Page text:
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Two Mules for Sister Sara, a “Juarista” Mexican western

El jueves 5 de septiembre de 1968, el periódico Cine Mundial anunciaba: "En dos meses llega Liz Taylor, viene a filmar Dos mulas para la hermana Sara, aún no hay candidato para el estelar masculino". En efecto, el protagónico femenino fue pensado para Elizabeth Taylor; al rechazar el papel se especuló el nombre de Natalie Wood, incluso el de Silvia Pinal. Sin embargo, Shirley MacLaine se adueñaría del estelar al lado del joven Clint Eastwood, quien tomaría el personaje rechazado por Frank Sinatra y cuyo argumento era obra del escritor y director estadunidense Budd Boetticher, quien radicaba en México desde hacía varios meses, y autor de cintas como: El torero y la dama, La ciudad bajo el agua y el documental Arruza.

Dos mulas para la hermana Sara, filmada a partir de febrero de 1969, sería dirigida por el eficaz y brillante artesano Don Siegel, responsable de títulos clásicos hasta ese momento, como: El gran robo —filmada también en México en 1949—, Crimen en las calles y la original Usurpadores de cuerpos —ambas de 1956—, o Mi nombre es violencia (1968), esta última protagonizada, a su vez, por Clint Eastwood, con quien haría mancuerna en varios de sus éxitos posteriores como: El seductor, Harry el sucio y La fuga de Alcatraz.

Dos mulas para la hermana Sara (1970, dir. Don Siegel) Dos mulas para la hermana Sara (1970, dir. Don Siegel)

In Mexico, war has broken out between Benito Juárez followers and the French troops of Emperor Maximiliano of Austria. Hogan (Eastwood), a tough mercenary, saves a nun (Shirley MacLaine) from three men who want to rape her (Enrique Lucero, John Kelly, and Armando Silvestre). He agrees to accompany her to a Juarista camp since she has information on a garrison that Hogan made a deal with Colonel Beltrán (Manolo Fábregas) to attack. They manage to evade some Yaqui Indians (commanded by Regino Herrera), however, Hogan is hit by an arrow that Sara extracts with difficulty – and not before getting him drunk enough to endure.

The two blow up a bridge to stop a train carrying explosives for the French and embark on an eventful journey in which, despite their differences, it is clear they have much in common. Her strange behavior intrigues Hogan, as she's a nun who smokes cigars, drinks whiskey, and has increasingly obscene language. Almost at the end, it is revealed that she is not a nun but a prostitute. They attack the French fort with the help of Beltrán and his patriots and the Juaristas win the battle while the couple flees with the gold stolen from the fort. René Cardona and Gabriel Torres served as co-director and second unit photographer in this story filmed in Texas, Sonora, Chihuahua, Sierra Madre Occidental, and the municipalities of Tlayacapan, Tepoztlán, Jantetelco and Cuautla, in Morelos.

Boetticher intended to direct the film with Silvia Pinal as its star, although Jeanne Moreau was also discussed. Siegel, who was betting on Taylor, had to settle for MacLaine with whom he had many arguments during filming. In fact, the actress of tapes like The Apartment and Irma la Douce, did not get along with Eastwood himself, who held the film's second credit in a role that was very close to the characters he played for Sergio Leone and James Coburn. In Leone's Duck, You Sucker (1971), he uses dynamite repeatedly.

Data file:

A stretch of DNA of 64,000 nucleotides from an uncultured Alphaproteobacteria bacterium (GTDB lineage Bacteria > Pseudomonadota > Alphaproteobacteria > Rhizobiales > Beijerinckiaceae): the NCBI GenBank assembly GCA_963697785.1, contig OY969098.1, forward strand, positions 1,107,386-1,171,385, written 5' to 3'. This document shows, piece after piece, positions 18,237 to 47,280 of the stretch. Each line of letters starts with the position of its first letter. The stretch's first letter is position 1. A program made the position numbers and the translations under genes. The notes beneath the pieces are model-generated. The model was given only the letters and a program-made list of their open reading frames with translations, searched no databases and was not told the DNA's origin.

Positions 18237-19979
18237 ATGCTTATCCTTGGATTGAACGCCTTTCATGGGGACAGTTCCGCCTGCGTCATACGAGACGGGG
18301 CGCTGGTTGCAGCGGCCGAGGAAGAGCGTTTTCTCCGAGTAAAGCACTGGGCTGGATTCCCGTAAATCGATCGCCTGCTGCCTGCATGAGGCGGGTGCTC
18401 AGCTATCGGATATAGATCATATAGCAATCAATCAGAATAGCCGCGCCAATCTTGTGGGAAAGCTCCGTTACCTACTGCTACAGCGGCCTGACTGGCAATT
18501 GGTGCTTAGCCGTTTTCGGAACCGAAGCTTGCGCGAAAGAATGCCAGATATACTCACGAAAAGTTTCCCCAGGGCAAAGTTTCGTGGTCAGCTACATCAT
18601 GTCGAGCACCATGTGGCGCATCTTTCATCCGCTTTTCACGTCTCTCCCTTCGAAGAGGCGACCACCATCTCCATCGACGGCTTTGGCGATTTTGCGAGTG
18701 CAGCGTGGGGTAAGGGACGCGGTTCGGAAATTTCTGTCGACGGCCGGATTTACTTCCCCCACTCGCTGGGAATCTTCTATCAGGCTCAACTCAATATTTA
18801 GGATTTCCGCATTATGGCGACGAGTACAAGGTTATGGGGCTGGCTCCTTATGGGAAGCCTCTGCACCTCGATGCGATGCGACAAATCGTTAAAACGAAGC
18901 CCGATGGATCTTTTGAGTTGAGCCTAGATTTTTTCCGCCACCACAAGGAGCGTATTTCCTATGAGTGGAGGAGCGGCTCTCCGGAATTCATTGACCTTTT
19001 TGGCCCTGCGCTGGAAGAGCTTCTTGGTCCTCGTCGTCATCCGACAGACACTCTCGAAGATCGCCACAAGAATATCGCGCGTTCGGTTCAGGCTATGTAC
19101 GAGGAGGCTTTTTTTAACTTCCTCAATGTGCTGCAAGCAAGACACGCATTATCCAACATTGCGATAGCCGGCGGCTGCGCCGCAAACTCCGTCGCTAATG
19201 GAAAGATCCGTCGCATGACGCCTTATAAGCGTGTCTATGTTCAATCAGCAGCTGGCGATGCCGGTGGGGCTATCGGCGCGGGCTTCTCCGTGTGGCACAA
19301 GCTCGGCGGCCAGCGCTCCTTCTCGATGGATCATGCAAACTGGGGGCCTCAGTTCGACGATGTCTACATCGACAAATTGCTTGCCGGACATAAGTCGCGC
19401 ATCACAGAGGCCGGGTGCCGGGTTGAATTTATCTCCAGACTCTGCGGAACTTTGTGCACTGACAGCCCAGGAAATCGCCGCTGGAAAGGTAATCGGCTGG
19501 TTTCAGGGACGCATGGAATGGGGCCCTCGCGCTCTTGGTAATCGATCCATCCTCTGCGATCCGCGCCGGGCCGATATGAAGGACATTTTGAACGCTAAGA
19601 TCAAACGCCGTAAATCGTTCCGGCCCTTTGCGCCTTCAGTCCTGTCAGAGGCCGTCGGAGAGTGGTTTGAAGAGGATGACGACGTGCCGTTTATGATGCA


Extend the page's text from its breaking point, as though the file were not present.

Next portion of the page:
In a way, Two Mules for Sister Sara reminds us of that complicated and sour relationship between Humphrey Bogart and Katharine Hepburn in The African Queen (dir. John Huston, 1951). Here, the French are fascinated by Mexican folklore. Piñatas, for example, are set off by patriots with dynamite and kerosene. With women singing “Las mañanitas” and carrying a banner that reads “Long live France!" Fábregas does a good job, especially when facing Eastwood.

The film opens with a curious and effective sequence of credits in which several of the Gurza brothers' animals can be seen: a cougar, a snake, or a tarantula, crushed the antihero's horse. The spectacular images are the work of maestro Gabriel Figueroa, with additional photography by the great Bruce Surtees. Spiked with an incredible soundtrack by Ennio Morricone and, of course, the beautiful landscapes of Morelos, including the view of the Iztaccíhuatl volcano. The dialogues are very funny, and the leading couple shows charm and charisma despite their supposed rivalry on set.With scenes like the one on the bridge, the arrow, one where Hogan cuts a snake in two and hands half to the nun, or the meeting in the brothel where he realizes Sara's true profession, and where Mexican actresses Rosa Furman and Aurora Clavel can be seen.

The action sequences are remarkably efficient, especially that of the train and some moments of the capture of the French garrison, or the meeting with the French Colonel. Explosions, stuntmen work, and some very violent scenes abound; a man is burned, another man's arm is ripped off, and another gets a machete to the face. The beautiful ex-convent of San Juan Bautista in Tlayacapan can also be appreciated, including its interior, roof, and staircase. As well as the Chumil, or Cerro Gordo, a beautiful mountain in Jantetelco where the ex-convent of San Pedro Apóstol, built by the order of the Dominicans, can be seen. Among other Mexican actors who accompany the Hollywood stars are: Pancho Córdova, Ada Carrasco, Hortensia Santoveña, Xavier Marc, José Ángel Espinosa Ferrusquilla, José Torvay, José Chávez Trowe, Margarito Luna and Pascual García Peña and a José María “Chema” Hernández coordinating the horses.

As a piece of trivia, the production team of Two Mules for Sister Sara stayed at the brand-new Hotel Hacienda Cocoyoc by Paulino Rivera Torres, which opened its doors a year earlier, in January 1968. The film was released in the cinemas on Friday, August 13, 1970. Clint Eastwood's father passed away that same year at the age 65.